Editor’s note: Pokin Yeung founded two startups, GeckoGo and Askomatics, and is currently blogging and helping out various other startups. Follow her on Twitter @pokin.
Just over a month ago, a random conversation with another startup founder over lunch turned into a full-blown research project.
“You and I are both first-born children,” I mused to my friend, “I wonder if that had any influence on why we chose to start businesses.”
I theorized that first borns were often given more responsibility growing up, and wondered if this role served as training wheels for building startups. I also wondered if our upbringing had an influence on things like when we start, what we start, or how much money we raise — and ultimately, how successful we are with our businesses.
Four weeks, a survey of 318 founders, and a lot of data-crunching later, here are my conclusions:
- Your birth order does influence the likelihood you will be a founder.
If you’re a first-born, you are more likely to be a founder — 55 percent more likely than the population distribution. Just under half (46 percent) of our founders were first-born children, and I fit into this category. If you come from a two-child family, this effect is larger. You’re 63 percent more likely to be a founder than the second born child.
- If you’re female, this effect is huge.
Female first-borns are 118 percent more likely than second-born females to be founders if they come from a two-child family. I fit into this category, too. Maybe the capricious nature of sibling relationships combined with the leadership (read: guess-who’s-in-trouble-if-something-happens-to baby-sis) role gives us more comfort in the rock-and-roll world of starting companies.
- Second-born children are slightly more likely than the general population to be founders, but beyond that the chances actually decrease.
- Third-born or later children are 52 percent less likely to be a founder.
- Only children are underrepresented, and it’s statistically significant. Only children have been described as “First Borns on Steroids.” They are typically more likely to become CEOs and be hyper-achievement oriented. Yet they are underrepresented in our study. Could it be that only children prefer to rule larger, more established companies? Or is it something about the uncertain dynamic of having siblings to fight with that gives first borns the skills and motivation to take the leap?
- There is no correlation between your birth order and your chance of raising money or having a successful exit.
Startups run in the family
The data suggest that your parents can shape your inclination to become a founder – especially if your mom was an entrepreneur and you’re a girl. Female entrepreneurs are 1.4 times more likely to have a mom who was also a founder. Over 50 percent of our founders surveyed have a parent who had also started a business, and 14% of respondents have a brother or sister who’s taken the leap. So it seems having a good role model matters — especially for females. Organizations like Women 2.0 are a good start, and more access to mentorship programs during the formative years could make a big difference in bringing more female founders into play.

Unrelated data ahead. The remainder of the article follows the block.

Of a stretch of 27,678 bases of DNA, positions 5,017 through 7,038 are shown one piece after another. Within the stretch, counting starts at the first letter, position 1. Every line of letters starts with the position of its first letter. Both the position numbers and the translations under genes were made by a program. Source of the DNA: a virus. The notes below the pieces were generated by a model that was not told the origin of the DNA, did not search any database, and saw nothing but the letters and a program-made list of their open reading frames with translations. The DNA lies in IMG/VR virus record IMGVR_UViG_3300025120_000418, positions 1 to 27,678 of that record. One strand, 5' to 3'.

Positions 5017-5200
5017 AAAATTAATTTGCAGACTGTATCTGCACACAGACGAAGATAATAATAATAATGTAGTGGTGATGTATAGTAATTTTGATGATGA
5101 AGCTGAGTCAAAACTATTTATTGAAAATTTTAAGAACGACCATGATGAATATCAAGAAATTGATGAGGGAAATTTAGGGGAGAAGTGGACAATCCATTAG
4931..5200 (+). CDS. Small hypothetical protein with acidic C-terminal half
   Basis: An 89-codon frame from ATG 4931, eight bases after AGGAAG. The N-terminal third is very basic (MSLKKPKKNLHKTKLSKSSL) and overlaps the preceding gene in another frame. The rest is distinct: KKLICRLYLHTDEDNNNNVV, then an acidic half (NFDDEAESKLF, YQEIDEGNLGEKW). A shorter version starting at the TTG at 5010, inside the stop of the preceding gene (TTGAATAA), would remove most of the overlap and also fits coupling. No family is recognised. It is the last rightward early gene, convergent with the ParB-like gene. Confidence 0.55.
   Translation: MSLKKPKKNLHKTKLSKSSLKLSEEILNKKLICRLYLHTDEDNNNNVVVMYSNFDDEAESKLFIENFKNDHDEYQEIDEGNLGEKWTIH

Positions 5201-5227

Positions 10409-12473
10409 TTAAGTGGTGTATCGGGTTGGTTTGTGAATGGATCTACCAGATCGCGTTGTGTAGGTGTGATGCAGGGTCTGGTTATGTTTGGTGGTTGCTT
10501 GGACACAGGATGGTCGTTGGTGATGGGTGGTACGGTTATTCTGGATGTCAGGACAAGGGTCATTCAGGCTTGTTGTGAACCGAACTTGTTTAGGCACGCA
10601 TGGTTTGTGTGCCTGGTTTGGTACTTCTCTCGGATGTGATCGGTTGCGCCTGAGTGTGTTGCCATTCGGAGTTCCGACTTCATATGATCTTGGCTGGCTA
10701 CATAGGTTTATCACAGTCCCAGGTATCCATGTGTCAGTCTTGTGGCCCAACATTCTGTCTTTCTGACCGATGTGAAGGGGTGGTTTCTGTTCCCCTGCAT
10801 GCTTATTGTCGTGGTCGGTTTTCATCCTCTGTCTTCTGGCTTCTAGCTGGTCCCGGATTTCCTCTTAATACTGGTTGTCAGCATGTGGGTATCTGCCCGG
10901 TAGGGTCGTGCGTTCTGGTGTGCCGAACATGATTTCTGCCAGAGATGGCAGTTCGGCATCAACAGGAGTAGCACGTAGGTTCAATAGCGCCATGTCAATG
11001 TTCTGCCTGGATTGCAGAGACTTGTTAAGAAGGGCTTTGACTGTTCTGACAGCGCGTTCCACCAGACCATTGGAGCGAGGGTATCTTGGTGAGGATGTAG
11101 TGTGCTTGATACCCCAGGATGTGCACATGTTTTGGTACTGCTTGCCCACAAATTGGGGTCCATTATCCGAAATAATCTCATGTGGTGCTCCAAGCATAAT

Higher education or trial by fire?
Startup founders have to do a lot of multi-tasking, but two things that don’t seem to mix are school and startups. Most founders tend to wait till school is done before starting their first business. In general, by the time founders are 25
- 74 percent of you had started a business if you didn’t have a college degree.
- 55 percent if you had a bachelor’s degree.
- 24 percent if you had a graduate degree.
Also, 50 percent of you waited till after 30 to start your first business if you had a graduate degree.
How else do you compare against the population? For starters, you overachieve.
Startup founders in general tend to overachieve. You are 6.4 times more likely to have skipped a grade, and 6 times more likely to start some sort of business endeavor (selling candies, anyone?) while still in school. Across the board, startup founders are more likely to more likely to do things like play sports, play a musical instrument, or hold a part-time job while still in high school. Maybe it’s a desire for learning, general well-roundedness and drive for growth that creates the motivations for founders to strike out on their own? Or maybe it’s a curiosity about the world. Lots of potential theories and areas of further research.
So what next?
The specific circumstances that push founders to take the leap definitely involves more than the sequence in which founders arrive to their families, but it does seem clear that once you become a founder, you stand to quite strongly influence future generations to come.
There were other interesting areas of research, including the types of adversity faced by startup founders growing up, and it’s what I want to dig into next. If anyone is interested who didn’t participate in my study before, I’d love to ask you some questions here.
[top image via flickr/sdminor81]